MOSCOW, Oct. 17 (UPI) -- On Oct. 8 a joint panel of the Russian and Belarusian defense ministries issued unexpected if not breaking news that is sure to trigger significant feedback from the public.
Russian Defense Minister Anatoly Serdyukov revealed a new plan to cut the Russian army and navy down to 1 million personnel by 2012, and not by 2016 as previously stated. The plan, which will be heavily debated in public, mostly will affect commissioned officers, not conscripts and non-commissioned officers, despite the fact that the latter are suggested regularly as a target for cutbacks by a pro-democratic public. According to the plan, the number of serving COs will be reduced by half, from 300,000 to 150,000.
Serdyukov remarked that it was not his decision and that the changes will be made in accordance with a presidential order. The appearance is as if the draft was not suggested to President Dmitry Medvedev by the Russian Defense Ministry.
"We will not discharge any officers. The reduction will be done routinely by attrition through retiring commissioned officers who are beyond their term of required service," Serdyukov said.
There has been discussion regarding the need to reduce the CO count in the Russian army for several years. A significant disproportion has developed in recent years, as the Russian General Staff and the Defense Ministry and various other departments have too much redundant duplicating structure.
However, there's a shortage in commissioned officers at the platoon commander level, who are responsible for training conscripted junior ranks. Currently, platoon-level commander positions are only 40 percent to 50 percent filled.
The Russian defense minister has issued a directive to reduce personnel in the departments and other subordinates in the Russian Defense Ministry and General Staff by 40 percent to 50 percent, filling the newly vacated positions with civilian specialists, allowing a transfer of the former COs from the reserve.
The shortage of platoon-level commanders will be compensated for by young reserve officers, graduating from military training centers at civil higher education institutions, who will be called up to serve for three years as lieutenants.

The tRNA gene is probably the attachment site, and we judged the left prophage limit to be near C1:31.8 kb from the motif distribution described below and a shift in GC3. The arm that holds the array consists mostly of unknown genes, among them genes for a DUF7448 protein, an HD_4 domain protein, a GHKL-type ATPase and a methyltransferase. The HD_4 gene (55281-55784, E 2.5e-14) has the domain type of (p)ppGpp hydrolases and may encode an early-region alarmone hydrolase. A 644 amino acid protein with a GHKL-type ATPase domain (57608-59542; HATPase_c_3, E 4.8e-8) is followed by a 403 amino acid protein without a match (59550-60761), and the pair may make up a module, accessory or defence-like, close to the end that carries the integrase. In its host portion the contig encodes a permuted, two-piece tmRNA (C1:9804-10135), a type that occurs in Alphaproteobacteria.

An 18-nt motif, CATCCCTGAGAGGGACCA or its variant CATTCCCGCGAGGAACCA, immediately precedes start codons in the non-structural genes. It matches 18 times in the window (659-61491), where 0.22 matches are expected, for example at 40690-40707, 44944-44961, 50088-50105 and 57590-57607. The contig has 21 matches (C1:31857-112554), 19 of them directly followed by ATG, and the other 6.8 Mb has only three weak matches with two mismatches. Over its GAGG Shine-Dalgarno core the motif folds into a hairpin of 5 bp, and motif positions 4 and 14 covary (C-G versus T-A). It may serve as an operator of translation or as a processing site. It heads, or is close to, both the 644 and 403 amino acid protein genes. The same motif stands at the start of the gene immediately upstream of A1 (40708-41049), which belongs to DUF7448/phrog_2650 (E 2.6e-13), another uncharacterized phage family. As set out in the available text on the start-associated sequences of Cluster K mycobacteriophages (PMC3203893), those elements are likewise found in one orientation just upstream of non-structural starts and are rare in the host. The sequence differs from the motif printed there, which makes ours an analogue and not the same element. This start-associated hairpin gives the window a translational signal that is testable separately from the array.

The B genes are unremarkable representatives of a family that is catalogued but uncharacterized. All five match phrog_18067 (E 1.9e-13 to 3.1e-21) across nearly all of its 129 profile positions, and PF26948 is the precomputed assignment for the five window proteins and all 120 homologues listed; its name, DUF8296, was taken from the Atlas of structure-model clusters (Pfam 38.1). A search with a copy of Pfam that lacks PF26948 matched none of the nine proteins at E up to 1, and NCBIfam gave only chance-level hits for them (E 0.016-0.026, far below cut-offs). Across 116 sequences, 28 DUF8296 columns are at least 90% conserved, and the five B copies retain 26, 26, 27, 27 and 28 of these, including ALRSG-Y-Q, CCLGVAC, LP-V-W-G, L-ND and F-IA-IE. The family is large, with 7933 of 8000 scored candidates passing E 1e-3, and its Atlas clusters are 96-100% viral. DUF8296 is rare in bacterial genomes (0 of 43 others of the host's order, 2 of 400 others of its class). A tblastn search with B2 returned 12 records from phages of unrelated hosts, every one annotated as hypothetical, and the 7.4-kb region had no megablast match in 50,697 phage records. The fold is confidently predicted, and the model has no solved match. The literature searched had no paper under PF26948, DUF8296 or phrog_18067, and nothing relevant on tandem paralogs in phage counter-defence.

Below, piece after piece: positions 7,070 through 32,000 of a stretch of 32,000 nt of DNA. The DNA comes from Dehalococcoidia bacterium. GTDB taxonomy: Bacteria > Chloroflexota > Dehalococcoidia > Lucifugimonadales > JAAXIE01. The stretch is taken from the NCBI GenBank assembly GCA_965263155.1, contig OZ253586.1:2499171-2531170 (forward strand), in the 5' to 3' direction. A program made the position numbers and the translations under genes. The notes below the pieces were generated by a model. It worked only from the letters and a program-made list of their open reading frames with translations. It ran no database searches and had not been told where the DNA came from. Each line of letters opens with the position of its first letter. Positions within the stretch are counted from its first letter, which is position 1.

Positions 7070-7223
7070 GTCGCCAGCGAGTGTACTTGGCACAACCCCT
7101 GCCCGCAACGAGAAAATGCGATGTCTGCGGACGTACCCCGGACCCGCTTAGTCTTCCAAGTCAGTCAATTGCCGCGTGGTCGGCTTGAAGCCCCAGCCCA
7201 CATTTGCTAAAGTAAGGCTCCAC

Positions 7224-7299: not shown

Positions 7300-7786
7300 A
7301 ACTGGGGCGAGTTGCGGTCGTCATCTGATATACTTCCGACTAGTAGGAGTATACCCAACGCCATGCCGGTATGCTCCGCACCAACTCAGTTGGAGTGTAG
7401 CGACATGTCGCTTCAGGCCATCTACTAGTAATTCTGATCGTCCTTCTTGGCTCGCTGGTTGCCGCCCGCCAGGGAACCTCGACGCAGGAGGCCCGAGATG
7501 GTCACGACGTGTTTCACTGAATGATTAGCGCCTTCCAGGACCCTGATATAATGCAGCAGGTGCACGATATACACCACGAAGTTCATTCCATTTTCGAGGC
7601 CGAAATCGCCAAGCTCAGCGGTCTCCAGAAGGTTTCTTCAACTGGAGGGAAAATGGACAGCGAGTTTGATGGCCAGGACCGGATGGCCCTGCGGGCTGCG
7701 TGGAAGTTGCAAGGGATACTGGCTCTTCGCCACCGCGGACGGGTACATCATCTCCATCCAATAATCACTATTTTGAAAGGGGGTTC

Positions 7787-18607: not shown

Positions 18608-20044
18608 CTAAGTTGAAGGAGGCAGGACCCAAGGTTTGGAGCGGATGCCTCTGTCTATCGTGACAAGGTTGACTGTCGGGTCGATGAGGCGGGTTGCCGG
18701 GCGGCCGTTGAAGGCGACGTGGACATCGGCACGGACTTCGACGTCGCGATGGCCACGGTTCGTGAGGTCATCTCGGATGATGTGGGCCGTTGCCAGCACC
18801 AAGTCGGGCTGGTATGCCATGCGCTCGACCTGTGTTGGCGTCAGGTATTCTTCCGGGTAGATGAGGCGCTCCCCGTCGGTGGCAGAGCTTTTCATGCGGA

These commissioned officers also will have the opportunity to sign another contract for an additional three to five years if they wish to continue their service. This will grant them the privilege of using the savings and mortgage system for housing and other benefits.
The idea that Russian armed forces will need 150,000 commissioned officers instead of the current 300,000 was a surprise for every analyst in any way connected to the Russian army.
Opinions differ on the Russian Defense Ministry's decision. Some experts say it will make the Russian army proportionate to those of the world's leading powers like the United States, Great Britain and France, where commissioned officers are elite decision-makers who rely on professional sergeants in the execution of orders.
An armed force would need a limited number of such commanders; therefore there are a small number of military academies in the above mentioned countries. The United States has three military academies, with officers receiving their basic education at civil colleges and universities before going on to training courses that last for six to nine months depending on the specialty, training them to successfully lead the subordinate units afterward.
It is different with the Russian armed forces. Russian commissioned officers graduate from military higher-education establishments after at least four to five years of study to become military professionals for almost the rest of their lives.
(In Part 2: A number of military experts believe a rapid cut in the number of commissioned officers is risky and could significantly decrease the Russian military's combat readiness.)
(Nikita Petrov is a Russian military analyst. This article is reprinted by permission of RIA Novosti. The opinions expressed in this article are the author's and do not necessarily represent those of RIA Novosti.)
(United Press International's "Outside View" commentaries are written by outside contributors who specialize in a variety of important issues. The views expressed do not necessarily reflect those of United Press International. In the interest of creating an open forum, original submissions are invited.)